Android. Flagships. Incoming.
Android. Flagships. Prices crashing.
Such is the state of the smartphone market in 2015. If you’re in the market for an upgrade, you’re in luck: the next few months are going to see a slew of state-of-the-art devices, all with price-points that were unimaginable even just a year ago.
If you’re like me, you refuse to pay $600, $700, or $800+ for a smartphone. One unlucky drop, and you’re out a fair amount of coin. Fortunately most of the phones previewed below are about half the going rate for a traditional “flagship.” It’s going to be interesting to see where the smartphone market heads as we approach Q4 and the holiday season. Can Apple continue to charge a (huge) premium for its iPhone line-up?
Motorola Mobility (now owned by Lenovo) was first to the plate when, last week, it revealed a trio of well-spec’d well-priced phones. At just $179 (for the 1GB RAM/8GB storage base edition) the Moto G has been garnering universal praise, including here on Stark Insider. In my tests I found an incredible bargain of a device — with none of the typical shortcuts you’d expect from a traditional “budget phone.” LTE. 5″ HD display (720p). Long battery. Lollipop 5.1.1. Unlocked. An impressive bundle of riches for a not so rich price.
And that trend now continues with mid-to-flagship phones.
Motorola is garnering a lot of headlines. But there are several other unlocked phones that you should consider if you’re looking to upgrade this Fall. Here’s my short list.
Nexus 5 2015 (LG)
In terms of flagship phones, the upcoming LG Nexus 5 (2015) could be the most exciting for those of us who like their Android experiences as pure as possible. Nexus devices typically get Android updates first (e.g. the Nexus 9 tablet was the first to get Lollipop). That trend should continue. Expect the Nexus 5 to be the first phone to be available running Android “M” — from what I’m seeing mostly a bug fix, and incremental update to what is an otherwise stellar release in Android 5 (and 5.1.1). Expect 2 Nexus phones in Q4. This one is from LG. Another, with a larger display, is expected to be made by Google partner Huawei.
LG Nexus 5 specs (likely):
- 5.2-inch P-OLED Full HD display (1080 x 1920)
- Snapdragon 620 processor
- 4GB RAM
- 64GB storage
- Bluetooth 4.2
- 13MP f/1.8 rear camera, 4MP front
- Rear power button with fingerprint sensor
- USB C with QuickCharge
Estimated $300-$400 (USD)
9 out of 10
Moto X Pure Edition
This is the one.
Under Lenovo, Motorola Mobility is apparently flourishing. Good on ’em. Moto phones are among the best when it comes to putting a happy face on Android. They’re easy to use. Fun to use even. Of all the Android handsets on the market today, the out-of-the-box experience that Moto provides perhaps most closely resembles Apple. Plus, Moto build quality is all class.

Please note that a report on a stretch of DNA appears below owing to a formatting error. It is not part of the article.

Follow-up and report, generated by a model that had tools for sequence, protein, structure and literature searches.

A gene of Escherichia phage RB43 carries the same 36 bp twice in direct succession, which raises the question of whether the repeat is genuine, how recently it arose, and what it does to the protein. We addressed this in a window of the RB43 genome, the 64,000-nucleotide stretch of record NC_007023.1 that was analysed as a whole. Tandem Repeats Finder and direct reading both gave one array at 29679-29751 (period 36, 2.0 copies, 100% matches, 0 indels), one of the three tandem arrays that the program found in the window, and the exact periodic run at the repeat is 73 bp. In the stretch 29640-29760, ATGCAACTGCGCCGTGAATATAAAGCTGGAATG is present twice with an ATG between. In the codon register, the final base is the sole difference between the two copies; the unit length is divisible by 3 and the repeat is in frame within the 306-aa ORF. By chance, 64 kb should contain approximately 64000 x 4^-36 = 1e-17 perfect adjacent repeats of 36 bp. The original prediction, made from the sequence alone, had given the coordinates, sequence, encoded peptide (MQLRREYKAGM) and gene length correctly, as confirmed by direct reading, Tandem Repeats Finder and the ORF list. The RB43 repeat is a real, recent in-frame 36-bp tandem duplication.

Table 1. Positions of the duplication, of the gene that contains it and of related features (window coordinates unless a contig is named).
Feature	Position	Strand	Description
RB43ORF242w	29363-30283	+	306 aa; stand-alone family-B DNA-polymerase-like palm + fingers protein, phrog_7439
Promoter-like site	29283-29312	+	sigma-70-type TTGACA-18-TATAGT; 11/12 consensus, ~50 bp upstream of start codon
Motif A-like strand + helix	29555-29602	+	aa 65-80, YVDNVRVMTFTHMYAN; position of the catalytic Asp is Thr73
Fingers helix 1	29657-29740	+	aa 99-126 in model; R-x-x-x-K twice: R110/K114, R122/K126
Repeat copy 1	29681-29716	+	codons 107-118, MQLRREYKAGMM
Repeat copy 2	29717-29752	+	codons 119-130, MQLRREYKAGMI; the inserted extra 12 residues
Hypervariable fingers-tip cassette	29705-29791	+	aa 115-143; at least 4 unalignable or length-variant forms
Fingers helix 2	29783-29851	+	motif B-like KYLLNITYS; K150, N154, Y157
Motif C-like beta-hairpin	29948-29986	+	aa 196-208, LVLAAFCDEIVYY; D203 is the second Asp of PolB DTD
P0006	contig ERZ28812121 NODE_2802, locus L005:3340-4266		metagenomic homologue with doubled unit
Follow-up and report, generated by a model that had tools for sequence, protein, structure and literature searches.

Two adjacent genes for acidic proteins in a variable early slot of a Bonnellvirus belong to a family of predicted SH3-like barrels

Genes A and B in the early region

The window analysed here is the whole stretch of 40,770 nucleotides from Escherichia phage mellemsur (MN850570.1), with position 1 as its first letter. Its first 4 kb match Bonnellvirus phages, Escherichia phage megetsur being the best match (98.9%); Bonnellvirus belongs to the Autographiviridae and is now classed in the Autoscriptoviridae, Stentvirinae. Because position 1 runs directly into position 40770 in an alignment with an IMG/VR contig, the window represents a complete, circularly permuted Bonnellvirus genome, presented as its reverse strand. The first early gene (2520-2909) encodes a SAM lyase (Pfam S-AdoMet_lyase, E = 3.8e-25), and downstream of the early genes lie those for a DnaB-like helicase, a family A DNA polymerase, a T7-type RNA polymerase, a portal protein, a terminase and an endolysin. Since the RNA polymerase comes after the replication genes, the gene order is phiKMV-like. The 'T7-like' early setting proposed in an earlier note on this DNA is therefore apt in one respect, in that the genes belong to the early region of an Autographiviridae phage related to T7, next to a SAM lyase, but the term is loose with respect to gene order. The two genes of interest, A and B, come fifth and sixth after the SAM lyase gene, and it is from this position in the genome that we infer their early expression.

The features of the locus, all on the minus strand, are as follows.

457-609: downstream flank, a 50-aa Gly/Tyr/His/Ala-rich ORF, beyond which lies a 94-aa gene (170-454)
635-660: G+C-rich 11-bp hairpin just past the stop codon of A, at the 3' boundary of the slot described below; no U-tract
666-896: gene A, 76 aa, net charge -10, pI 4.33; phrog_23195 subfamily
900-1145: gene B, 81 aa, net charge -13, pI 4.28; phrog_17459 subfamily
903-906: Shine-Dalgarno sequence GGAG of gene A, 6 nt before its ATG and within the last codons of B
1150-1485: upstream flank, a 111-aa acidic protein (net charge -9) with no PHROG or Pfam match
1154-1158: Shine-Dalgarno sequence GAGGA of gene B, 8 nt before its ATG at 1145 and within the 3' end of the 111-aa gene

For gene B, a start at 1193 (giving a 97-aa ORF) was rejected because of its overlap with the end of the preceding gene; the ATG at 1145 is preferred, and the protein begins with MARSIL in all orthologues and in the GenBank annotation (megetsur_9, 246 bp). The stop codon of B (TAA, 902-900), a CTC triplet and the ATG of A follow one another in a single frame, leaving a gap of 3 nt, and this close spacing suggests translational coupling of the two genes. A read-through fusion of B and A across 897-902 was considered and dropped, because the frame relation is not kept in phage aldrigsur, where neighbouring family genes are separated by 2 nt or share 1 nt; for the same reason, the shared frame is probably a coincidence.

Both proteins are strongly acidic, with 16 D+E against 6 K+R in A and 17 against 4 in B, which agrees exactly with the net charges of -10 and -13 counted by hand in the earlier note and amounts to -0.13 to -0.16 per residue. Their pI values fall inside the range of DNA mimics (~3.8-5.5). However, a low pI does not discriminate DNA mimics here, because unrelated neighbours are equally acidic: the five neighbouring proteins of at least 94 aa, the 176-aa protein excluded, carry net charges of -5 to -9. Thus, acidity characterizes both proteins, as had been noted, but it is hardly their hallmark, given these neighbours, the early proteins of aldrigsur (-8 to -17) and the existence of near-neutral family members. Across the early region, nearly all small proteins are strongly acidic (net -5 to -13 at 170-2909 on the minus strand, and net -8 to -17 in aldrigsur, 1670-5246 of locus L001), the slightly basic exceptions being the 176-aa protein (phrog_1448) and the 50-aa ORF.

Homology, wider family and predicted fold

ALSO SEE: Moto G (2015) – Killer phone, killer price (Review)
The Pure Edition will have a Quad HD display, beefy processor, microSD slot (yes!), front-facing speakers. If the Moto G is any indication (and past Moto X models), this phone should be well made, easy to hold, and, overall, a blast to use. And for $399?! Yep, crashing prices. Crashing prices.
Moto X Pure Edition specs:
- 5.7-inch TFT LCD Quad-HD display (1440 x 2560)
- Snapdragon 808 processor
- 3GB RAM
- 16/32/64GB storage
- Bluetooth 4.1 LE
- 21MP f/2 rear, 5MP f/2 front camera
- 18 different inlays for back / 7 different accent colors
- 3000 mAh battery with TurboCharge
10 out of 10
I was impressed with the OnePlus One. Well, everyone was it seemed. Slick hardware combined with the ever-popular version of Android known as Cyanogenmod made for a smooth experience. Like customizing your phone? OnePlus is the company for you. The sequel, the OnePlus 2, was unveiled during a tres-cool VR press conference. Wearing Cardboard (Google’s virtual reality platform) we were given a 360-degree tour of the OnePlus offices (looking very much like a San Francisco start-up) before getting a glimpse of their next handset. It looks good. Very good. But it’s testament to how fast the market is moving that the OnePlus 2 doesn’t quite floor me as much as the original. I hope this company makes it. They are competing among giants. The OP team came across really well during the VR presser for this phone. It seems this is a company that grasps the concept of community, and treating customers as friends.